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Foster v. Ateleta Hospitality LLC

United States District Court, N.D. Alabama, Southern Division

September 3, 2019

JESSICA T FOSTER, Plaintiff,
v.
ATELETA HOSPITALITY, LLC dba CHICK-FIL-A, et al., Defendants.

          MEMORANDUM OPINION

          ANNEMARIE CARNEY AXON UNITED STATES DISTRICT JUDGE

         This matter is before the court on Plaintiff Jessica T. Foster's fourth motion to stay the proceedings while she obtains an attorney to represent her. (Doc. 18). For the reasons that follow, the court DENIES the motion and WILL DISMISS this action WITHOUT PREJUDICE for failure to state a claim, as required by 18 U.S.C. § 1915(e)(2)(B)(ii).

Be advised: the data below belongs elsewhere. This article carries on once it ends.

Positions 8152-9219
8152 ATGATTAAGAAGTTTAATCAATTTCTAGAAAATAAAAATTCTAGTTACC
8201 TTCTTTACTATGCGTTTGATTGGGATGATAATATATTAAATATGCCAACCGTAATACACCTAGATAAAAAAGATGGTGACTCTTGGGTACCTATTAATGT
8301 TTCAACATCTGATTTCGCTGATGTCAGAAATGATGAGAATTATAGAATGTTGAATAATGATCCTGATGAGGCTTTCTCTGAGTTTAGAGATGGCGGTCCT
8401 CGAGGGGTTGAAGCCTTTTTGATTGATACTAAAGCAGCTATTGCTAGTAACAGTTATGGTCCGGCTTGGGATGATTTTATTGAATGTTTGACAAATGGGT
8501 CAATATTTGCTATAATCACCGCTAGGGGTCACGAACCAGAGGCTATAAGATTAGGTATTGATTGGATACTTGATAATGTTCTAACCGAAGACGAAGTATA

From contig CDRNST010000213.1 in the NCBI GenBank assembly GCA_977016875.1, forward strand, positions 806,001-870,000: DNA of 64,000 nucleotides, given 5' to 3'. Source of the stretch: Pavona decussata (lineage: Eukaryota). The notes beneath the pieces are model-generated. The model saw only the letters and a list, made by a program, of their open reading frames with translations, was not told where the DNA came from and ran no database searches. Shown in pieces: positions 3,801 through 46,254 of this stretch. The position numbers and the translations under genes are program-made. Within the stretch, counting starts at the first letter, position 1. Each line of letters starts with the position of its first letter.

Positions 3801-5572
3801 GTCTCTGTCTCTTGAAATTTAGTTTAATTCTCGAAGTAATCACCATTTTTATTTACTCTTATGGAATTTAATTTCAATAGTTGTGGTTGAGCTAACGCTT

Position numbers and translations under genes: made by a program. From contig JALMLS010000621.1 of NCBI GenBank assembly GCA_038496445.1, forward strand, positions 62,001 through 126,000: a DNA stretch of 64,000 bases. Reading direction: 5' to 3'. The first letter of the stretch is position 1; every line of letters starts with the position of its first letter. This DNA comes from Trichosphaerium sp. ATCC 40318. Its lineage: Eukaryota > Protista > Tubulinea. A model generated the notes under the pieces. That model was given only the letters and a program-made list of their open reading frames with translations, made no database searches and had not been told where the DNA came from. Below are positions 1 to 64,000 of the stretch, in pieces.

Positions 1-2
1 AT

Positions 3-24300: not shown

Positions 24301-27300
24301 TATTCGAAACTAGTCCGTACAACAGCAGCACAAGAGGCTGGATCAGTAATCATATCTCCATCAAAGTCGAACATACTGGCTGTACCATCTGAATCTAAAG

As background, Ms. Foster, proceeding pro se, filed this employment discrimination lawsuit on March 18, 2019. (Doc. 1). Her complaint does not describe any facts underlying the complaint (see generally id.), but she separately submitted a copy of the charge of discrimination filed with Equal Employment Opportunity Commission (“EEOC”), which sets out some factual allegations, as well as the EEOC's notice of right to sue (doc. 5). The magistrate judge to whom the case was assigned granted Ms. Foster leave to proceed in forma pauperis, but ordered her to file an amended complaint correcting the deficiencies in her initial complaint. (Doc. 6). Ms. Foster did not file an amended complaint, and the magistrate judge issued an order to show cause why the case should not be dismissed for failure to prosecute. (Doc. 8). Ms. Foster did not respond to that order. Accordingly, the magistrate judge found that Ms. Foster's failure to prosecute the case warranted dismissal, and he reassigned the case to the undersigned. (Doc. 9).